A simple solution

July 19, 2000

When a friend of mine was invited to a retirement party, he responded, “Sorry, can’t make it. I am going to be climbing a mountain in Kenya. Besides, I prefer to live in the future, not the past.” There is nothing inherently wrong with retirement parties, but my friend has a point. Living in the future should take preference over living in the past. That is the advice I want to give my fellow United Methodists who limped away from a General Conference dominated by acrimonious debate over the status of gays and lesbians in the denomination.

The United Methodist Church has made a sharp turn to the political and theological right, and it appears that it will continue to move in that direction. This particular battle is over, at least for the moment. The liberal dominance in United Methodism, the denomination that helped end the war in Vietnam and bring a halt to racial segregation in the church, has ended.

The Good News movement, the United Methodist wing of the Institute on Religion and Democracy, and many of its bishops and tall-steeple pastors have taken over the church’s governing body. That means, in the long run, that it will also take over the national and regional institutions. It is important to remember that the IRD came into being in the early 1980s with support from, and as part of, the conservative movement that elected Ronald Reagan president. Why this happened, and how long this trend will prevail, is a more complicated matter. But this much is clear: what started in the age of Reagan is now a reality in United Methodist power circles.

But take heart, liberals: you don’t have to live in the past. The future does not have to remain entirely in the hands of conservatives who insist that homosexuality is sinful. There is room in United Methodism to celebrate gay and lesbian relationships without violating current church law. If you believe, as a passionate minority of the General Conference delegates did, that an affirming ceremony for gay and lesbian persons who wish to create faithful unions is consistent with the gospel, there is hope.

Pastors who violate church law by performing ceremonies in their churches face disciplinary action that could lead to their dismissal. This outrageous ban will lead some to further challenge church law. A political hint: if you believe you must violate the law, do it as part of a group, not individually; church leaders will be reluctant to reduce their numbers by 75 in a single trial.

For pastors who want to stay within the church, a colleague of mine offers a solution that will honor homosexual commitments to fidelity. This solution would not work for pastors and couples who want to duplicate heterosexual marriage, but it would provide an interim solution.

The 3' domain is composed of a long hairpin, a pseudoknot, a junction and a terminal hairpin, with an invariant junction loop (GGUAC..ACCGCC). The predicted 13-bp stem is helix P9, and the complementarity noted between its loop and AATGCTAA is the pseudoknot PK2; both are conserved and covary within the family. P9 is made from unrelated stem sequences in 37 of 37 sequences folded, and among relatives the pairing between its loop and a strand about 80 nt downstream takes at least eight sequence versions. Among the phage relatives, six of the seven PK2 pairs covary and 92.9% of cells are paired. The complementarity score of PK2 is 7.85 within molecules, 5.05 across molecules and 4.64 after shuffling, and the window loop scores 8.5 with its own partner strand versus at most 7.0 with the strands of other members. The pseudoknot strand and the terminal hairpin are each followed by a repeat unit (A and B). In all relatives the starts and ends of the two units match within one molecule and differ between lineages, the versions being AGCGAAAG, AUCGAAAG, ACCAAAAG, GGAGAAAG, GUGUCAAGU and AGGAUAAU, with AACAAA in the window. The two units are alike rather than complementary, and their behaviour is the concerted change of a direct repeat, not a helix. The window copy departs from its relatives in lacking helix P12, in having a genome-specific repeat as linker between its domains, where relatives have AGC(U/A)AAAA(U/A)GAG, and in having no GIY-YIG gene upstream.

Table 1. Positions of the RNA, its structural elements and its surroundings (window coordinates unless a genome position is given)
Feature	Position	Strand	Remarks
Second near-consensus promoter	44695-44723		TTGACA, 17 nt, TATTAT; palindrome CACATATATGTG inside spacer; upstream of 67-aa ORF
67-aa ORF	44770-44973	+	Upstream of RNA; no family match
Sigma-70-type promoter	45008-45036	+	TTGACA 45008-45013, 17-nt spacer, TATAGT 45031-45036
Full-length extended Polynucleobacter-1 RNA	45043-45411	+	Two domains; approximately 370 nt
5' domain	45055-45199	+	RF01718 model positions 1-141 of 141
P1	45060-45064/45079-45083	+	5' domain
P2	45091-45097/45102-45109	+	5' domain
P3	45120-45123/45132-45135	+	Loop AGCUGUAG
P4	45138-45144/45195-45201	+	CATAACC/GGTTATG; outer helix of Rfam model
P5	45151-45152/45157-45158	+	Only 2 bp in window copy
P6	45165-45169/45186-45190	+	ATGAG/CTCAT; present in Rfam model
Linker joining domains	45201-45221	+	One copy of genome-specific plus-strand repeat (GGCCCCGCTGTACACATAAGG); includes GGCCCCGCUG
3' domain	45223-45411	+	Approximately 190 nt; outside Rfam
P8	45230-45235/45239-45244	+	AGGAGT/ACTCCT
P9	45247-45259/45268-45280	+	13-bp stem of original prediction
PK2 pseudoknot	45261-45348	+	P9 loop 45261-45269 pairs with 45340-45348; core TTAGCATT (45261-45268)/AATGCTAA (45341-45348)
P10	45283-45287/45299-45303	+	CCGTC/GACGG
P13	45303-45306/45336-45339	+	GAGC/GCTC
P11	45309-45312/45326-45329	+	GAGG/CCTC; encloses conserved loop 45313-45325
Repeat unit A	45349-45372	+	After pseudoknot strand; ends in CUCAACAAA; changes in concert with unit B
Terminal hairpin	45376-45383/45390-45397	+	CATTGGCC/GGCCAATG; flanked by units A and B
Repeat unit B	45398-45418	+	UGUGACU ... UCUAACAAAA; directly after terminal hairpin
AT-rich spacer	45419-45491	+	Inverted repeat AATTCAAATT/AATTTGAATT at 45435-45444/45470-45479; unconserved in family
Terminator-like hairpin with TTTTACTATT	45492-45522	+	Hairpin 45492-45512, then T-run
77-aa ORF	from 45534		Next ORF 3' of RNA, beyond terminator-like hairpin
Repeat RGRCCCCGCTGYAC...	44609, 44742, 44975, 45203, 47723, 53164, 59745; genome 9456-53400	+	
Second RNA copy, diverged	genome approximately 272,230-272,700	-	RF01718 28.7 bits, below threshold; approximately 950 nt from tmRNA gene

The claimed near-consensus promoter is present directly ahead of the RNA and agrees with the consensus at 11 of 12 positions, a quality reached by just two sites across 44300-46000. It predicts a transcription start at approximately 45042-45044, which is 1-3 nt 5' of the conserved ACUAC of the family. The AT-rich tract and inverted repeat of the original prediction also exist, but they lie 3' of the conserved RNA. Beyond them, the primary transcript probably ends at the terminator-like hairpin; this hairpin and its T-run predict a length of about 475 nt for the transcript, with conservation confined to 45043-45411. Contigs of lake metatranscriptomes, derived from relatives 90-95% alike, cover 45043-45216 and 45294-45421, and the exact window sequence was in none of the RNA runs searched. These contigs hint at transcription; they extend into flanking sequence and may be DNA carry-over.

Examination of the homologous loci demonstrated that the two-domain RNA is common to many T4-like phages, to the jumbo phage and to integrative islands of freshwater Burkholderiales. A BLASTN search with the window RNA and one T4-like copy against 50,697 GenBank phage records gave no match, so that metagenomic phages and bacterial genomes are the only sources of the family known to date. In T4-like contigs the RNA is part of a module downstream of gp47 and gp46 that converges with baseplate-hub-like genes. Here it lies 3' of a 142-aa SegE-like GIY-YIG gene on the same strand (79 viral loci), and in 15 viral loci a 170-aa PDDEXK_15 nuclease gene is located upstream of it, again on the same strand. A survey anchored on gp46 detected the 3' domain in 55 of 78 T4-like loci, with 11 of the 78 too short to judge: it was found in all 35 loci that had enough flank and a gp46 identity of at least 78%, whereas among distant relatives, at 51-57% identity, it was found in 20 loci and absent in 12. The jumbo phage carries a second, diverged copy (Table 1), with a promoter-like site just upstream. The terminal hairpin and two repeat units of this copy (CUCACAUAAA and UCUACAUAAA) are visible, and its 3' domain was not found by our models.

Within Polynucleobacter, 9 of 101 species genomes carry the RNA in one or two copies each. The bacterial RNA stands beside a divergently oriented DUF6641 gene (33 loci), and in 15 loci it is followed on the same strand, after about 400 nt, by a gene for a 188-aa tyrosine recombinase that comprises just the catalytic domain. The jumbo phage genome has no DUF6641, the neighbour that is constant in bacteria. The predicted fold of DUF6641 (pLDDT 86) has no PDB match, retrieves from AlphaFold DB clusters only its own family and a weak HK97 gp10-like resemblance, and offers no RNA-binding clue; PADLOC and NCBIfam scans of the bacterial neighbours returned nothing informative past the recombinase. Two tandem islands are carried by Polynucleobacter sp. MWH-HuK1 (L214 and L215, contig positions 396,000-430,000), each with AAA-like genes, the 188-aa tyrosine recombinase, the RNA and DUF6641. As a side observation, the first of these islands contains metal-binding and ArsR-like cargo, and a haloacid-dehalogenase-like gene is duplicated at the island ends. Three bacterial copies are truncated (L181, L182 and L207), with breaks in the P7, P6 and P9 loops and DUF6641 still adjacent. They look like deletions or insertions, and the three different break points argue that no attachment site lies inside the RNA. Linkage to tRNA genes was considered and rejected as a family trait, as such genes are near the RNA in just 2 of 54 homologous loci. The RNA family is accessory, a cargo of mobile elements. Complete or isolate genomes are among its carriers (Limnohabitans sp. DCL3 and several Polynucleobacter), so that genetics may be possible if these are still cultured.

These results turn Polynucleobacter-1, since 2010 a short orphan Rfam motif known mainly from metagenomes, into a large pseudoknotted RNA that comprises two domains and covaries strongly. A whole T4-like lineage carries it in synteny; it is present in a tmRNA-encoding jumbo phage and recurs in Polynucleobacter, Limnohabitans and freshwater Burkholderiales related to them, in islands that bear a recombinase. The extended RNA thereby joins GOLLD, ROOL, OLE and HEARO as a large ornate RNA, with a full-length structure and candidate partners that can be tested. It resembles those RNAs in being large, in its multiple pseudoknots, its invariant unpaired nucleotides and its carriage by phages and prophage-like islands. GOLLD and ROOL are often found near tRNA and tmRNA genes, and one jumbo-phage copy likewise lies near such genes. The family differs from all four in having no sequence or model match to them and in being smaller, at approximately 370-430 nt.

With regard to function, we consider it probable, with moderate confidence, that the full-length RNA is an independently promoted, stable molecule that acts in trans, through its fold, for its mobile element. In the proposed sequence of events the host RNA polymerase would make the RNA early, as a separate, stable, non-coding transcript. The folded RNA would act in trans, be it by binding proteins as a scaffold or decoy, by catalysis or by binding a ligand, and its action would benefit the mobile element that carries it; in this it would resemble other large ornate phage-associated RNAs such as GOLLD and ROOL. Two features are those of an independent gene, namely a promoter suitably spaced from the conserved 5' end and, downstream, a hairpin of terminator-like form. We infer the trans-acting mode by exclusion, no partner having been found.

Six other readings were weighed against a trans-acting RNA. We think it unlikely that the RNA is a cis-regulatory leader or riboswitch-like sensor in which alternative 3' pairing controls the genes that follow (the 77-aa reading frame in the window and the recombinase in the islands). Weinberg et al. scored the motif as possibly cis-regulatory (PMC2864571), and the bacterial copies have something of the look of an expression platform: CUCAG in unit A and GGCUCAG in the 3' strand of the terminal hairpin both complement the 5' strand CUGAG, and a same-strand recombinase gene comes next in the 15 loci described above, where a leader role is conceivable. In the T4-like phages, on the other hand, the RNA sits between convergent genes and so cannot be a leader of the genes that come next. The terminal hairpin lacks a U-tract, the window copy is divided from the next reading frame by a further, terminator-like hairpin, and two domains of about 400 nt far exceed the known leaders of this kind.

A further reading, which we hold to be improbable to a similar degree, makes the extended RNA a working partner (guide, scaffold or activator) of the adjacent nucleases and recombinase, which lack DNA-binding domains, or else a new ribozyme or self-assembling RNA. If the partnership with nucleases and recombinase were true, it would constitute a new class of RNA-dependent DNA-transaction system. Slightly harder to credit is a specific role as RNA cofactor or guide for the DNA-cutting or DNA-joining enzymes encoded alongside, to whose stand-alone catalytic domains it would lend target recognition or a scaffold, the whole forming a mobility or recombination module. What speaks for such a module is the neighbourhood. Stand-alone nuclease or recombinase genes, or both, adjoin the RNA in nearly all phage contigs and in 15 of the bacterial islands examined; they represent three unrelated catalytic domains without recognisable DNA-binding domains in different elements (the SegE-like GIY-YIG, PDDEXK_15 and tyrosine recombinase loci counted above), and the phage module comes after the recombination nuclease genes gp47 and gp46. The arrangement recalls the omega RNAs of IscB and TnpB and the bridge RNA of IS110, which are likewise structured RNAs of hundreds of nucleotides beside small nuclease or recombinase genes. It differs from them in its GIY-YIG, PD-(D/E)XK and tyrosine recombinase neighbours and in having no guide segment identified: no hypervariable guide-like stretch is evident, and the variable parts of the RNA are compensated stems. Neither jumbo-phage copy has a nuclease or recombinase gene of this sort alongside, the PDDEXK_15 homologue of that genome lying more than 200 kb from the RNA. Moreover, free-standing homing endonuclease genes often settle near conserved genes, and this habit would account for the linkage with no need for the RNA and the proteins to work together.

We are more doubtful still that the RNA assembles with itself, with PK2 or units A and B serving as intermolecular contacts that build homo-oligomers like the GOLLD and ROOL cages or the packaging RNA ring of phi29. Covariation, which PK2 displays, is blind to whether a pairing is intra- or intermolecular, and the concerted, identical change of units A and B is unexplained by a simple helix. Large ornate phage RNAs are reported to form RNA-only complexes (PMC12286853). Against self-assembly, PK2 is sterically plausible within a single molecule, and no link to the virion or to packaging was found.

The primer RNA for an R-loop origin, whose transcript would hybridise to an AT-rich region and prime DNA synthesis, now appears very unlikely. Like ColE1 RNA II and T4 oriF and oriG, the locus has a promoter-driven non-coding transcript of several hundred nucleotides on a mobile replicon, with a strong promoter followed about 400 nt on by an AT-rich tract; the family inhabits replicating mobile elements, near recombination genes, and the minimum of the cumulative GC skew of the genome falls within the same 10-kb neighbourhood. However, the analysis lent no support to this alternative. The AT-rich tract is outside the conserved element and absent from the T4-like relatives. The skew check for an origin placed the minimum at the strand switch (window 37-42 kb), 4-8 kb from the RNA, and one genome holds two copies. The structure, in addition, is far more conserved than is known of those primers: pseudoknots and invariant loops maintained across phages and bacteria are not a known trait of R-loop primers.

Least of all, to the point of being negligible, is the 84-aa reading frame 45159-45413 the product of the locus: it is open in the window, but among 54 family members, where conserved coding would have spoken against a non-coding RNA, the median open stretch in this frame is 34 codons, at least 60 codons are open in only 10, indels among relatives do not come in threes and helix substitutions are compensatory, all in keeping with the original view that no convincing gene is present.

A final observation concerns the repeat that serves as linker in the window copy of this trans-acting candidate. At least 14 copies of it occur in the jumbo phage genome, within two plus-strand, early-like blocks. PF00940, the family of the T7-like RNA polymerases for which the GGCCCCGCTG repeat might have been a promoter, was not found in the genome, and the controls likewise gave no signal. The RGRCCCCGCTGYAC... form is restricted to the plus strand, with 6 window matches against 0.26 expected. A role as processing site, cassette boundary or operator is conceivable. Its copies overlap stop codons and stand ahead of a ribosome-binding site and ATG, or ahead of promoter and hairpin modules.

Remember, first, that United Methodists do not consider marriage to be a sacrament. That status is confined to the Lord’s Supper and baptism. The UMC recognizes the pastor’s role in a wedding service as a sacred task, not a sacrament. When UMC pastors perform a heterosexual marriage ceremony they do not perform a sacrament; they stand with the couple and proclaim that the choice this couple has made is recognized in the sight of God and in the presence of the assembled church. God’s blessing is bestowed on the couple’s pledge of fidelity “till death us do part.”

Current UMC law states that the pastor may not perform any such ceremony for a homosexual couple, but the General Conference’s legislation is aimed at pastors, not laypeople. Any congregation that wished to do so could designate a layperson to perform a ceremony adapted from the established ritual for marriage. The pastor could be a witness to this event and even be involved in the ritual, but the designated layperson would be the official in charge, acting on behalf of the church.

The United Methodist Discipline does not provide for the ouster of lay members of a congregation who violate the “order and discipline” of the church. To my knowledge, the Methodists have rarely, if ever, chosen to punish lay members for misconduct deemed immoral, illegal or distasteful—not that some pastors haven’t on occasion looked longingly at that passage when confronted by the behavior of some of their congregation’s more recalcitrant members.

In time, of course, the General Conference could revise its antigay stance to specifically include laypersons who participate in a bonding ceremony for gay and lesbian couples. But fortunately, the UMC’s lawmaking body meets only once in four years. By the time it assembles again, God may have decided that enough is enough and send us a message that gay and lesbian fidelity is consistent with God’s understanding of love and responsible behavior. I don’t know what form that message would take, but I live for the future, not the past. Surely, after four or maybe eight more years, God will find a way to remind us to embrace all of his children, regardless of their sexual orientation.